Gordon Murray’s T.50 supercar rewrites the rule book
The new T.50 is a nod to the past and future of Gordon Murray’s storied design processes
One of the upsides of the car industry’s increasingly polarised split between everyday mobility and hyper-luxury is the unfettered freedom that money offered to designers and engineers. Although making mass produced cars is proving harder than ever before, at the upper end of the market there are sufficient resources to push the envelope of design and performance into new, ever more challenging areas.
Designer Gordon Murray has divided his career between these two extremes, working on ways to streamline mass production at one end, and devoting his considerable aerodynamic skills to supercar design at the other. This is the new T.50, the first car to be built by newly founded Gordon Murray Automotive and the 50th car created by the engineer over the course of a long career. Built around a bespoke 3.9-litre V12 engine – the ‘lightest, highest-revving and most power dense road car engine ever made.’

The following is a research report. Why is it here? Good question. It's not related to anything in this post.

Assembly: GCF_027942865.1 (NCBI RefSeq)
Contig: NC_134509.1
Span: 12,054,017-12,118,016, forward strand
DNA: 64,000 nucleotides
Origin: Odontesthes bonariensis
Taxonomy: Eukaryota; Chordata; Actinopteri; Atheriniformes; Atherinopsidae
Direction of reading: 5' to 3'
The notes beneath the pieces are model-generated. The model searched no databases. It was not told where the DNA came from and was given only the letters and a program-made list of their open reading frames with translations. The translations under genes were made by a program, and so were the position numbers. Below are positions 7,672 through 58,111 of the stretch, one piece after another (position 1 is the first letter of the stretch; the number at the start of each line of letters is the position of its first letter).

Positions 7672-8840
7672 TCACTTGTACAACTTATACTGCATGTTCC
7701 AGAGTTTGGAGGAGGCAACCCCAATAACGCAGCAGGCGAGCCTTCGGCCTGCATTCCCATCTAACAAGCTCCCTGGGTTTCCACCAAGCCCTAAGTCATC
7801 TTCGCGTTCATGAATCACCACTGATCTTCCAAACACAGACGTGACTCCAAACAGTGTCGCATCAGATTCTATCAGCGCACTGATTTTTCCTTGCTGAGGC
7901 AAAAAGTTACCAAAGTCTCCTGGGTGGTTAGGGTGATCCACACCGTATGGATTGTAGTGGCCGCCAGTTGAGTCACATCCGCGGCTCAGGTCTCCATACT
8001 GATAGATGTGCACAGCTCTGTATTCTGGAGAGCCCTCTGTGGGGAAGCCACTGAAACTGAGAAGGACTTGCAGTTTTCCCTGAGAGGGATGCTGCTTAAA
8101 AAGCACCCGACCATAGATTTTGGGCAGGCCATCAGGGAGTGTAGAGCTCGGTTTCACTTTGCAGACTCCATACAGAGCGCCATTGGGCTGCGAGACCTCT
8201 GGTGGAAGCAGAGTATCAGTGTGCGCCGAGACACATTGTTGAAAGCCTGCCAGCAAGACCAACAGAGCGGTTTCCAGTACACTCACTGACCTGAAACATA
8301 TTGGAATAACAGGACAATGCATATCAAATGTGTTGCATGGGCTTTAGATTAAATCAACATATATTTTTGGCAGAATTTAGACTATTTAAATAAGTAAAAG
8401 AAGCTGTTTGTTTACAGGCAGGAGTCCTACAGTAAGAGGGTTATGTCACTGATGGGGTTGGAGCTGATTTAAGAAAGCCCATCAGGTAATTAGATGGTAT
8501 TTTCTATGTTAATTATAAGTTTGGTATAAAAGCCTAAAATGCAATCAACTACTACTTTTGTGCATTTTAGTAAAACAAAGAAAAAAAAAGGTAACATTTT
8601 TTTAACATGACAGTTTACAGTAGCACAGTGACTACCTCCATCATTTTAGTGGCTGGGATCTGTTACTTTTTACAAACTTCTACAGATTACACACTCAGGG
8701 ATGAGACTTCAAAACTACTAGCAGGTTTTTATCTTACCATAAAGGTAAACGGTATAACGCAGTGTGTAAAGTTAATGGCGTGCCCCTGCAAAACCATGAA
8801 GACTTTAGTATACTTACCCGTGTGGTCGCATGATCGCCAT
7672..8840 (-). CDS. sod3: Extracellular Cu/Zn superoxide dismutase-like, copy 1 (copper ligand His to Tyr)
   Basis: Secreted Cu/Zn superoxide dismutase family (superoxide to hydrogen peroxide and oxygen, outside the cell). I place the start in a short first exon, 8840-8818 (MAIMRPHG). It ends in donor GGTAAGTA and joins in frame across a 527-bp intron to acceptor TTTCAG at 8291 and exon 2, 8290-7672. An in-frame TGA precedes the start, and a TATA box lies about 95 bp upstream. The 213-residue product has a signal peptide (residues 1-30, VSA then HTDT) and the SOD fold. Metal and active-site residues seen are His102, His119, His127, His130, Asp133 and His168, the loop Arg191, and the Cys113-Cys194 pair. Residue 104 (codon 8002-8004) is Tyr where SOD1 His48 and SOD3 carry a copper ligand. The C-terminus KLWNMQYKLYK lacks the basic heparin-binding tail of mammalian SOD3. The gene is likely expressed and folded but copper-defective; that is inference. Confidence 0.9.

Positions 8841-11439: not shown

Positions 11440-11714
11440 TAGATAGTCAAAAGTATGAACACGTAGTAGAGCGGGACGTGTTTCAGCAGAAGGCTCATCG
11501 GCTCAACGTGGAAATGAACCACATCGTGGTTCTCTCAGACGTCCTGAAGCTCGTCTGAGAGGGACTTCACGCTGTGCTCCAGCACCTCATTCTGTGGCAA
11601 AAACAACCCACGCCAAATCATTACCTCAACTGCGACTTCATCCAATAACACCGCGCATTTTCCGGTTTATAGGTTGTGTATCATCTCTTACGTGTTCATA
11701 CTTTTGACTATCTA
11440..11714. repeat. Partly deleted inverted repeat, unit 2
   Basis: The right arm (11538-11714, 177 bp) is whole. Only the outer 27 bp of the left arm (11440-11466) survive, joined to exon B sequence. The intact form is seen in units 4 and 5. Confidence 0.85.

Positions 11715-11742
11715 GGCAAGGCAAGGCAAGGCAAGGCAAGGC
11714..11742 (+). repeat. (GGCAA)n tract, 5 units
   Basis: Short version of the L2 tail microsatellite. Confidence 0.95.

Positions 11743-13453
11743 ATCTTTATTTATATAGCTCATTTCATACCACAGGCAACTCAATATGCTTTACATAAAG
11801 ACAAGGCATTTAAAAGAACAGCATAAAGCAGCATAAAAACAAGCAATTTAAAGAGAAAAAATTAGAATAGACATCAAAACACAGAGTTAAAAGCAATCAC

The three-seater is pure, minimal and ultra-light, is described as suitable for everyday use, although certain components are definitely exotic – like the rear-mounted fan that generates downforce to glue the car to the road. It’s a development of the Brabham BT46 F1 car that Murray created in 1978 and which was almost immediately banned by F1 rules.
No such legislation precludes its inclusion in a road car, and when paired with active aerodynamics, colossal power to weight ratio and the central race car inspired driving position, the T.50 promises to be an instant legend. Another antecedent is of course the McLaren F1, the legendary 90s-era Murray-designed sports car that set new benchmarks for speed and engineering accomplishment.
Will the T.50 ascend to the same mythical levels? Murray’s hand is evident in every aspect of this new machine, from the smooth, clean surfaces to the pared down switchgear and unfussy detailing. As for performance, no figures have yet been released, indicating that Murray and his team are quietly confident they’ll be setting benchmarks all over again. §